Even with the best minds around the table, there still must be a mechanism to unleash the mental models around the table. Just as health policy would not move forward without epidemiology evidence, so should be the place of systems thinking in the policy process. Systems offers math to support or refute initial reactions to early conditions viewed under a policy. But the model will not be a predictive crystal ball. Much chatter has been circulated about the overreach of models into the world of prediction in policy. Agreed. But the meat of policy is not the model. In my opinion it should not be viewed in that way.
The policy π supported by the model, may give you sweet potato when the table (policymakers) ordered and expected the boysenberry that is now out of season. There may still be that flaky crust and reasonable price. But the input of a tuber over a berry is a notable change. Some of the ingredients may change. The taste will differ. Cooking time may change. You may not like boysenberry. The change to sweet potato could require a new produce distributor, who must then must recalibrate (with excitement) accommodating the needs of a new customer. Your fellow diners may try to convince you to hold out for boysenberry though there is a chance that maybe this sweet potato pie may remind you of Grandma’s. Sometimes a model changes that policy “pie” expectation. The model will not cover every possible scenario. Can you accept the presentation of the sweet potato? And perhaps next week, once again upending your policy gastronomy? Yes, a pie is a pie. Both a sweet potato and a boysenberry are dicotyledonous. Few would confuse the two. Each would present its own unique set of growth habits and susceptibilities. But food stuffs present different phenotypes and culinary experiences. Policy satiates, leaving some bellies full while others push away from the table wanting. Each policy π must be approached and respected as a necessity to prudent, systemic action to debate, not as a letdown of the expected π wished to grace the plate. How filling was that policy pi?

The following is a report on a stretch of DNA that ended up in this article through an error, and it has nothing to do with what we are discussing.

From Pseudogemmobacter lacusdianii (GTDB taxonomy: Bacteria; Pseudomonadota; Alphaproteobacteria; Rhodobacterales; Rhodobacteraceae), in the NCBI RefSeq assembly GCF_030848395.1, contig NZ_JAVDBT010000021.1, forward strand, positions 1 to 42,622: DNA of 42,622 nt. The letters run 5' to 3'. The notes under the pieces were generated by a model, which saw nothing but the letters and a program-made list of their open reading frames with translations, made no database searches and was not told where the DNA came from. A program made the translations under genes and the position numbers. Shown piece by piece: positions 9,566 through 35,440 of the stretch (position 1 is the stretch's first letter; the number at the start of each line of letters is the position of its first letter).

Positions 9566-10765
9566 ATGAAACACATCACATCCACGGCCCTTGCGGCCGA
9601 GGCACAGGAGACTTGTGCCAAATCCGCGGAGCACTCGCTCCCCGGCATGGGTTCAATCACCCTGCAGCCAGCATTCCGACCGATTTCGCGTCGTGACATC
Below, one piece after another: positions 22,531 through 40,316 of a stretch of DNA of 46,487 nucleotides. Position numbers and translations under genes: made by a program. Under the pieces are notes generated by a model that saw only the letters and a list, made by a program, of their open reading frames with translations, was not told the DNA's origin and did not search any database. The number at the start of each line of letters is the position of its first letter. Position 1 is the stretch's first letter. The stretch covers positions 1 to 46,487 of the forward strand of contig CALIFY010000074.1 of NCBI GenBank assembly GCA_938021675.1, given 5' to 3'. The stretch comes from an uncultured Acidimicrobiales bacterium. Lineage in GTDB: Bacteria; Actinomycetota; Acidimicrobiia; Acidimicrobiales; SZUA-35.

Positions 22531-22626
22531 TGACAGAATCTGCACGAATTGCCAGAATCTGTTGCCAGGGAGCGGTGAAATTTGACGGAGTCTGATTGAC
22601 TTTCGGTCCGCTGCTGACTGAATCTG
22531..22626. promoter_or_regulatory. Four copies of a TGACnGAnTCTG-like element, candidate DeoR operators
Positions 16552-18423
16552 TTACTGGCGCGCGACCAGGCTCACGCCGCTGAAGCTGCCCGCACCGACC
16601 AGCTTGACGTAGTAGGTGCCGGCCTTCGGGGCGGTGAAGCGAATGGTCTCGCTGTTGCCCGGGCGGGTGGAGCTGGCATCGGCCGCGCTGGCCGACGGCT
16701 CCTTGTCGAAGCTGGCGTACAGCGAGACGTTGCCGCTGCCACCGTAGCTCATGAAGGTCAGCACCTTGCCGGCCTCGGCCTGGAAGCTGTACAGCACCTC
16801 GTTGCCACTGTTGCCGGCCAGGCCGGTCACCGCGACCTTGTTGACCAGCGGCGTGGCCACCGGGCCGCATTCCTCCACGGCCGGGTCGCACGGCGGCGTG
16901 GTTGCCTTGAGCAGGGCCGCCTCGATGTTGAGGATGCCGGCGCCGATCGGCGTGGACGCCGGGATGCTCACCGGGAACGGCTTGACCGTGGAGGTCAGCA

Agrawal, D et al (June 2005) Policy Ratification. Presented at Policies for Distributed Systems and Networks Sixth IEEE International Workshop